Little Donkey Farm, West of Houshajian Village, Sujiatuo Zhen, Haidian District, Beijing
April 16, 2011
To the North-West of Beijing just beyond the sixth ring road, approaching the mountains and the Great Wall, you find the Little Donkey Farm (LDF), a farm and community organisation promoting Community Supported Agriculture within China. LDF work with sustainable farming methods to grow and distribute healthy produce within the Beijing area. Artist Emi Uemura has been working with this organisation for the past year and April saw the fifth of their Country Fairs, initiated and co-organised by Uemura, an occasion where farmers and customers get together to buy and sell produce and share information. As was always planned by Uemura, Country Fair has now grown beyond her original artistic vision to become a broader platform for the social issues around food production.
There’s an Interesting edition of Contemporary Art & Investment out this month with, amongst other things, a feature on “Plants as a Kind of Art Relationshipology” (sic) for which I was asked to write a new piece about Emi Uemura and her work. This piece sits after a rather fine piece by Michael Eddy which gives a broader view of her practice.
Social Food: Emi Uemura
Through a number of discussions with Emi Uemura, alongside the more obvious subject matter, I’ve come to understand her work as dealing with a boundary between art and life that is forever friable and purposely undefined. I see her taking this position to prevent barriers either to the works’ appreciation or to the applicability of the work. Her subject matter highlights the raw materials of life—our food—and the processes of its production and delivery, but also the significance of our every-day decisions about it. Indeed “the every-day” may be seen as a consistent theme running through her work, an awareness of the unconscious, unremarked actions influenced by our environments and which are part of the bedrock of society. Although her works deal with “big” issues, the environment, organic food, etc. they deliberately try to stay small in scale and demonstrate a lightness of touch, keeping the effects on a personal level.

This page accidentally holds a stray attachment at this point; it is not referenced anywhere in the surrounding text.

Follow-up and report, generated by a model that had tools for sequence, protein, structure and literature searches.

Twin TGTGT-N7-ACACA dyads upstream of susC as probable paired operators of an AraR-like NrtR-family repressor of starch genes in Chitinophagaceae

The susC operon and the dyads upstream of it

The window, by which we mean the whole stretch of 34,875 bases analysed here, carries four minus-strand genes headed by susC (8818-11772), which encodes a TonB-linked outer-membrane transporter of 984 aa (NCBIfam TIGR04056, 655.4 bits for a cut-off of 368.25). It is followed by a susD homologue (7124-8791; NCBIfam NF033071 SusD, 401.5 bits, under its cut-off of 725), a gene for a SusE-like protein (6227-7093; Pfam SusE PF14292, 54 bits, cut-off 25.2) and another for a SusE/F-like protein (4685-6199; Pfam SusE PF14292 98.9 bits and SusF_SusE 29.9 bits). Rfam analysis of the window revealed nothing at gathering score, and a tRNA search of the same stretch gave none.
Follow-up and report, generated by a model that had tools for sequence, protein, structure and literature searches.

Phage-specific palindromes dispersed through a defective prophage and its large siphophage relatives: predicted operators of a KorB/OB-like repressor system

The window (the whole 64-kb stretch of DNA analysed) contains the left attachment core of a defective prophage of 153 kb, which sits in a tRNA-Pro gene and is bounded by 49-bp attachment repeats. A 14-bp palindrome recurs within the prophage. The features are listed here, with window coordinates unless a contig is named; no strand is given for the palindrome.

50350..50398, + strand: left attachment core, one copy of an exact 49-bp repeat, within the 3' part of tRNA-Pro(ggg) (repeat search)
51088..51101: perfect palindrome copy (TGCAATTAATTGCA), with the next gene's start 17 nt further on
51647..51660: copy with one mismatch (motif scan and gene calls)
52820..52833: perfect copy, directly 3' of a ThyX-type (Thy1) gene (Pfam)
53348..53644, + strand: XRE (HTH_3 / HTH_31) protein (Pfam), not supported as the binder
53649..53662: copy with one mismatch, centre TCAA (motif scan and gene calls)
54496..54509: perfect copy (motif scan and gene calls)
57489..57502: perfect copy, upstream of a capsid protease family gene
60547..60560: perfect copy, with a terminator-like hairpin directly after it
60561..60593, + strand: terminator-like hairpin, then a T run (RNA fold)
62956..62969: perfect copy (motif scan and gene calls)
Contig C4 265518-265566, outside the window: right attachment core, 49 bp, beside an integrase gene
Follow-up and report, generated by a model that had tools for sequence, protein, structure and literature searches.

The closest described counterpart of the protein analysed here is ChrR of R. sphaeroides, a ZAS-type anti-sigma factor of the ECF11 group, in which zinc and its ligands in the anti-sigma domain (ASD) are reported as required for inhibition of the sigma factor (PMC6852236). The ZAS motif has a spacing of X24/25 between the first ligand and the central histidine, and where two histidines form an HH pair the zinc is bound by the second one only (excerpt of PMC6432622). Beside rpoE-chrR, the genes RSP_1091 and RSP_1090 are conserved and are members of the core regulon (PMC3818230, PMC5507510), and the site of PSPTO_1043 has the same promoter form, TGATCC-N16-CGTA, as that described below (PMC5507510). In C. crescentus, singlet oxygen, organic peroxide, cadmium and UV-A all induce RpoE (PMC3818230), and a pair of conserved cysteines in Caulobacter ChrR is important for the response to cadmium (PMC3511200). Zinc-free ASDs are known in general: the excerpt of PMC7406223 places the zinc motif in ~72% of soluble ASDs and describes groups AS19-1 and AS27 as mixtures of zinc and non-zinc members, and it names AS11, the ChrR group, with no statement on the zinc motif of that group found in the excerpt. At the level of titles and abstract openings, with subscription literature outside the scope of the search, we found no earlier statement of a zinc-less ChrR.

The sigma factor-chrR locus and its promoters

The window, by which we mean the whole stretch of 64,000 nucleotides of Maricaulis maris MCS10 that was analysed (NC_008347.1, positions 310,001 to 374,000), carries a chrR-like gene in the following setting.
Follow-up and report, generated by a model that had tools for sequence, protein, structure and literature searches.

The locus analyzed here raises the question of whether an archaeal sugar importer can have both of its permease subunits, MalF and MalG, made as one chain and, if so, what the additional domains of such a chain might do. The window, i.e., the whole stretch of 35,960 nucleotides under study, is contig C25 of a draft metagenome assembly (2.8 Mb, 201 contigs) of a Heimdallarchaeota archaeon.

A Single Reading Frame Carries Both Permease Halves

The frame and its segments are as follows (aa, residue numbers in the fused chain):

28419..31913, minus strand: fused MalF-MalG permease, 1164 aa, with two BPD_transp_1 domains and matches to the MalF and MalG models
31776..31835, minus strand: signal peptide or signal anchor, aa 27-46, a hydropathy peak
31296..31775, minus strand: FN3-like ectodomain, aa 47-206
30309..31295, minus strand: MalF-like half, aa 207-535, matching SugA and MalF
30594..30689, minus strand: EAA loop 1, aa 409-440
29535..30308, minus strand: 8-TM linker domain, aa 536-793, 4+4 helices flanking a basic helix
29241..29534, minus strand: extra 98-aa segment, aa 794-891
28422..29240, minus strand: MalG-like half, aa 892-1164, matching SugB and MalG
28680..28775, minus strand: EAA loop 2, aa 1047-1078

Artists organizing events around the disparate interests of people outside the art world proper can lead to some fascinating convergences of concerns. (Of course, a deft hand is needed to satisfy the demands of such varied constituencies). Emi Uemura’s “Country Fair,” initiated last year in Beijing with Vitamin Creative Space, is a successful example. A regular event bringing together farmers, community activists, and the public in a friendly, festive space, it shows what can grow from the sharing of information, experience and perhaps most importantly, food.
Faith in the quality of our food has become a major issue in China following the recent well-publicized food safety alerts. Many people are turning to organic foods as a reliable source of safe and healthy food, which are also good for the environment. Artist Emi Uemura is working with Community Supported Agriculture (CSA) farms on the fringes of Beijing to promote awareness of organic principles and access to high quality foods in our city. Recently she launched an online map so you can find the nearest farm for all your organic needs.